Hemoglobin A1c Testing in Fishers, IN
The Hemoglobin A1c (HbA1c) – or more commonly called the A1c – is a blood test that measures glycated hemoglobin levels in the blood to determine average plasma glucose concentrations; in other words, it tests average blood sugar levels over time. The HbA1c is a useful tool to:
- Diagnose diabetes
- Identify patients at increased risk for diabetes
- Evaluate long-term control of blood sugar levels in diabetic patients
The most commonly known diabetic blood test is the finger-prick test, which measures blood glucose readings on a small portable monitor. This test is taken repeatedly throughout the day and registers the ups and downs of blood glucose levels as impacted by diet, exercise and stress levels.
The fasting blood glucose level test likewise measures blood glucose or blood sugar levels at a specific point in time, but the fasting aspect of the test takes the glucose from ingested foods and liquids out of the equation and provides a more accurate measure of the body’s baseline blood glucose level.
The HbA1c, however, can determine average blood glucose levels over time. This is important because consistently high blood glucose levels present a greater risk of diabetes-related complications than occasionally high readings. Long-term treatment of the disease defines success as control of blood glucose levels to minimize long-term complications such as cardiovascular disease and neuropathy.
How the Hemoglobin A1c Works
When your body processes simple sugars or sugar from more complex carbohydrates, glucose in the bloodstream naturally attaches or binds to hemoglobin. Hemoglobin is the protein in your red blood cells that carries oxygen throughout your body and transports carbon dioxide waste back to your lungs to be expelled. The amount of glucose that binds to hemoglobin – creating glycated hemoglobin – is directly proportional to the amount of sugar in your system at any given time. Because red blood cells – and the glycated hemoglobin within them – survive for 8-12 weeks before being renewed by the body, the glycated hemoglobin (or HbA1c) can be measured. That measurement, which goes back two to three months, reflects average blood glucose levels over that period of time. If your blood sugar levels were high in the months before testing, your HbA1c measurement will also be higher.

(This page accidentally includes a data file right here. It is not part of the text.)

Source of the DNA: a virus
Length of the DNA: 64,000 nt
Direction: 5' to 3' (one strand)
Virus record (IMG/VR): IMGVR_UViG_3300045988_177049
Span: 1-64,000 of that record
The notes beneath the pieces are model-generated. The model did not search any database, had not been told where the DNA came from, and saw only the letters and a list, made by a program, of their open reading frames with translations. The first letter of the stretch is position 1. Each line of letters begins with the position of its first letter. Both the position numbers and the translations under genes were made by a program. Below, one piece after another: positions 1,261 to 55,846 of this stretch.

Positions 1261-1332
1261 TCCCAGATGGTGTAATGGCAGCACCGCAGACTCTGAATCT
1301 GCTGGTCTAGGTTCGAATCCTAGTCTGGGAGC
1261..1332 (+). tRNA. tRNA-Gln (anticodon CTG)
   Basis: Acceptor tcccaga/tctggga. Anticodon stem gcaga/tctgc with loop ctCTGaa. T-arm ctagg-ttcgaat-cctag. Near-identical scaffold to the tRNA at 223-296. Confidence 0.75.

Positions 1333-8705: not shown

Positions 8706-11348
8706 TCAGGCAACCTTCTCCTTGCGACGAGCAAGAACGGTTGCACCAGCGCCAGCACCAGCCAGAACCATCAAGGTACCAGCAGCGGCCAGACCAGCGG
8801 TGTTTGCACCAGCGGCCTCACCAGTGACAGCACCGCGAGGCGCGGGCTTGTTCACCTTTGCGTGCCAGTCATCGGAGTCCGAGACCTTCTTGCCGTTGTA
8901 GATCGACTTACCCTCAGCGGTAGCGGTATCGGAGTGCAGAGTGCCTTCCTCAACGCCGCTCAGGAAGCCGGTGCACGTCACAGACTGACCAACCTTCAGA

What to Expect from Your Hemoglobin A1c
There is no need to fast before your HbA1c test and no special dietary restrictions before or after the test. Blood will be taken from your arm, not a finger-prick.
The HbA1c should be taken 3-4 times a year in people with Type 1 diabetes or who have poorly controlled Type 2 diabetes. It can be taken more often when changing medications to monitor changes in blood glucose levels over time.
The HbA1c target for people with diabetes to aim for is below 48 mmol/mol or below 6.5%. That is the diabetic threshold. Readings of 6.5% and above indicate diabetes, prediabetic is 6.0-6.4%, and below 6.0% is normal.
By following a diabetic management plan prescribed by your physician and making necessary lifestyle changes, lowering your HbA1c reading is possible. Lower readings have been linked with dramatically reduced risks of diabetic complications. For example, a 1% reduction means you are 19% less likely to develop cataracts, 16% less likely to experience heart failure, and 43% less likely to suffer amputation or death from peripheral vascular disease.
If you've been suffering from symptoms of diabetes, an HbA1c test can be an accurate and informative alternative to traditional diabetes testing that does not require overnight fasting. Request more information about an HbA1c today.
Call (765) 259-0545 or contact Charles Turner MD online.
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Lafayette, IN 47909
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